The legislative branch of the Hellenic Republic voted in favour of the Agreement between Greece and the Former Yugoslav Republic of Macedonia tonight, putting an end to the long-standing dispute on the latter’s constitutional name. Under the agreement, Greece’s neighbour will officially adopt the name ‘North Macedonia’.
The controversial deal was passed with 153 votes in favor and 146 against.
The issue has been the focus of a heated political debate, that has divided Greek public opinion and has caused seismic shifts in the political establishment, causing the breakup of the government coalition between the leftist SYRIZA (Coalition of the Radical Left) and far-right ANEL (Independent Greeks), but also affecting other minor opposition parties.
In addition to the 145 SYRIZA MPs, the deal was supported by independent MP and Minister of Tourism, Elena Koundoura (formerly of ANEL), ANEL MP Thanasis Papachristopoulos (who is expected to be expelled from the party following the vote), Deputy Minister of Civil Protection (and former ND minister) Katerina Papakosta, leader of the Democratic Left Party (DIMAR), Thanasis Theocharopoulos (whose decision to back the agreement led to the dismantling of the coalition between DIMAR and PASOK), and three MPs of the centrist party To Potami – leader Stavros Theodorakis, Spyros Likoudis and Yorgos Mavrotas.
The small centrist party lost its right to form a parliamentary group this week (a party needs to have at least five MPs to be entitled), after losing another MP to Nea Dimokratia over the Agreement.
In his address to the Parliament on Thursday, Theodorakis said that To Potami prioritises national security and that means “stable relations with our Western allies” and warned of the repercussions, should Greece backs down from the Agreement. “We Greeks are proud of Macedonia and its history,” he said, “but the majority of the world’s people, when they hear about Macedonia, they think of FYROM. 140 countries have recognised them as Republic of Macedonia. This means that we have been doing something wrong all these years.” Urging his fellow MPs to “dare tell the truth” he estimated that if the deal was not ratified, then “we will have to live with a state that will continue being called Macedonia. (…) We will be globally isolated. We will clash with the EU, with NATO, with the US.”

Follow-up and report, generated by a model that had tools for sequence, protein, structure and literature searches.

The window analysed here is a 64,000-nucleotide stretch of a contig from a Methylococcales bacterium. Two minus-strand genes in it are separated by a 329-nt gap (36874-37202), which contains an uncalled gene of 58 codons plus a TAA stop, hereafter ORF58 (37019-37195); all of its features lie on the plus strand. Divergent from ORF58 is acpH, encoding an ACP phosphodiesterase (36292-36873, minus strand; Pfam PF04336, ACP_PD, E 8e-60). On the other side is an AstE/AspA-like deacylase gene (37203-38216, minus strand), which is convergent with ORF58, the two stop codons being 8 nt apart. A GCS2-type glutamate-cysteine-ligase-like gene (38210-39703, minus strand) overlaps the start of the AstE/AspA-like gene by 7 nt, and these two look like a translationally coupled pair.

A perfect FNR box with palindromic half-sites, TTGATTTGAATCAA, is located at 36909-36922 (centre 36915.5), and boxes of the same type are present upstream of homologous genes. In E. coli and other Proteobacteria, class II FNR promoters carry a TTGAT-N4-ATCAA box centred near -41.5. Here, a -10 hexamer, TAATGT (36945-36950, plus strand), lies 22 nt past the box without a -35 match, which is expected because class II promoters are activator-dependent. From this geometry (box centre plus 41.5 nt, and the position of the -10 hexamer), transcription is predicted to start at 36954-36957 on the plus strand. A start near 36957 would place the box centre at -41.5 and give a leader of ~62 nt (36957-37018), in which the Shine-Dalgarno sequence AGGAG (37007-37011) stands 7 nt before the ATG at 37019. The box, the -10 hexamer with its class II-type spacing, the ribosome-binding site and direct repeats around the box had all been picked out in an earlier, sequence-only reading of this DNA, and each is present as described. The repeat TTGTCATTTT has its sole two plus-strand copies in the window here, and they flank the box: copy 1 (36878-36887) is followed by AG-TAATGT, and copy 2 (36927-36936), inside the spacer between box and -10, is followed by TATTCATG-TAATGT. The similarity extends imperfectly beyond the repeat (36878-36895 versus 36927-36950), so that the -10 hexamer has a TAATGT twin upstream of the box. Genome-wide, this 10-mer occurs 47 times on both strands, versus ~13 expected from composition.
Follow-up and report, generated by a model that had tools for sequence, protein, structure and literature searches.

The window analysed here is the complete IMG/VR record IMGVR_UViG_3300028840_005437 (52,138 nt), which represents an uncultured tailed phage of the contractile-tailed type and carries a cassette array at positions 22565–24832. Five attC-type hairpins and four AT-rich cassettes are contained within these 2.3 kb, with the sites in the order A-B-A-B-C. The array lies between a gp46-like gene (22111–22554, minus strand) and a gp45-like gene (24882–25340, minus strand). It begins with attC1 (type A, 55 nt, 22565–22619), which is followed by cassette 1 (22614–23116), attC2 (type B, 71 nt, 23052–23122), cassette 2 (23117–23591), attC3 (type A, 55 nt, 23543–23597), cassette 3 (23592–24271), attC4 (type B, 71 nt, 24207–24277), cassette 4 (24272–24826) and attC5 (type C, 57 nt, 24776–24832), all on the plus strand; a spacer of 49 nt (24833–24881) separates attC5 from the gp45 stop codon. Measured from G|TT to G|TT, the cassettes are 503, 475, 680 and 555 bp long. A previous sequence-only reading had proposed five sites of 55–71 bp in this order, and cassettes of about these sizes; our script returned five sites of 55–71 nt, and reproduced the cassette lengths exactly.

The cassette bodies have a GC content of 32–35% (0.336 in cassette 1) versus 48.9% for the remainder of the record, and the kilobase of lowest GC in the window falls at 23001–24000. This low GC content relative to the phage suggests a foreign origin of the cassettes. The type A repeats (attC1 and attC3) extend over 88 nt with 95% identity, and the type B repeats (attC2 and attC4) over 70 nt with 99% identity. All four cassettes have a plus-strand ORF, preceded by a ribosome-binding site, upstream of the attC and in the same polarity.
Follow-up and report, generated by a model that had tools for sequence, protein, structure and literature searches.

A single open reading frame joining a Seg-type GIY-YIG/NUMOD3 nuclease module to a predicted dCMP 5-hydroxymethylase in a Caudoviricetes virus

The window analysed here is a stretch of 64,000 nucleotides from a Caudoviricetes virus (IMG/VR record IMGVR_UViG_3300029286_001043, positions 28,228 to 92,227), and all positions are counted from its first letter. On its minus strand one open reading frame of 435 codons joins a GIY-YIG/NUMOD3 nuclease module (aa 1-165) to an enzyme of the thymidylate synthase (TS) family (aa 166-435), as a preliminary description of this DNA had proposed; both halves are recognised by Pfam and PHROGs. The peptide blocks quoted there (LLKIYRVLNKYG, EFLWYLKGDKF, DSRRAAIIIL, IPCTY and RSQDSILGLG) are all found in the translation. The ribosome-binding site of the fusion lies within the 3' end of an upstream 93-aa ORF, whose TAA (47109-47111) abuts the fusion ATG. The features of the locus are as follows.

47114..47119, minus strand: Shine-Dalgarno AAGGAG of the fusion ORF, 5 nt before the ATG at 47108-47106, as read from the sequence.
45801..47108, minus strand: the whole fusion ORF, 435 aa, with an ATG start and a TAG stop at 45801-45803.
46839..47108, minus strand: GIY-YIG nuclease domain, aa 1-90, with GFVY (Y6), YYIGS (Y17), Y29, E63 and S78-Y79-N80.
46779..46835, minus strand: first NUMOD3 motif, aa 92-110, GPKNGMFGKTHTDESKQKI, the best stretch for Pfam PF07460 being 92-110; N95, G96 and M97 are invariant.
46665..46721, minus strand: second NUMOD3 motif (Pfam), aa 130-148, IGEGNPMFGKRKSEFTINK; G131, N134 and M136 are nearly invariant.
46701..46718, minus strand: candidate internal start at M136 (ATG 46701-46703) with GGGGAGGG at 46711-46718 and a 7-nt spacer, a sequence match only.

Accusing ND of hypocrisy, he argued that the Opposition actually wants the deal to be ratified, so that they don’t end up with a “hot potato” in their hands. Adressing the ND leader, Kyriakos Mitsotakis, he said: “I know too, Mr Mitsotakis, that voters want the illusion of absolutism. They don’t want a leader who will tell them that life is complicated, that compromise is needed. But the first virtue of a politician is sacrifice!”
During the marathon debate that preceded the vote, the Opposition leader had again reaffirmed his party’s stance against the Agreement, which he described as a “national defeat,” accusing the Prime Minister, Alexis Tsipras, of conceding a “Macedonian” nationality and language to FYROM, abandoning the right to veto FYROM’s entry to NATO and the EU, which had been Greece’s leverage. “Greece can, at any moment, veto the accession of Skopje to the European family,” he argued. “If Greeks entrust me as prime minister, I will refuse to interpret the agreement in that manner.”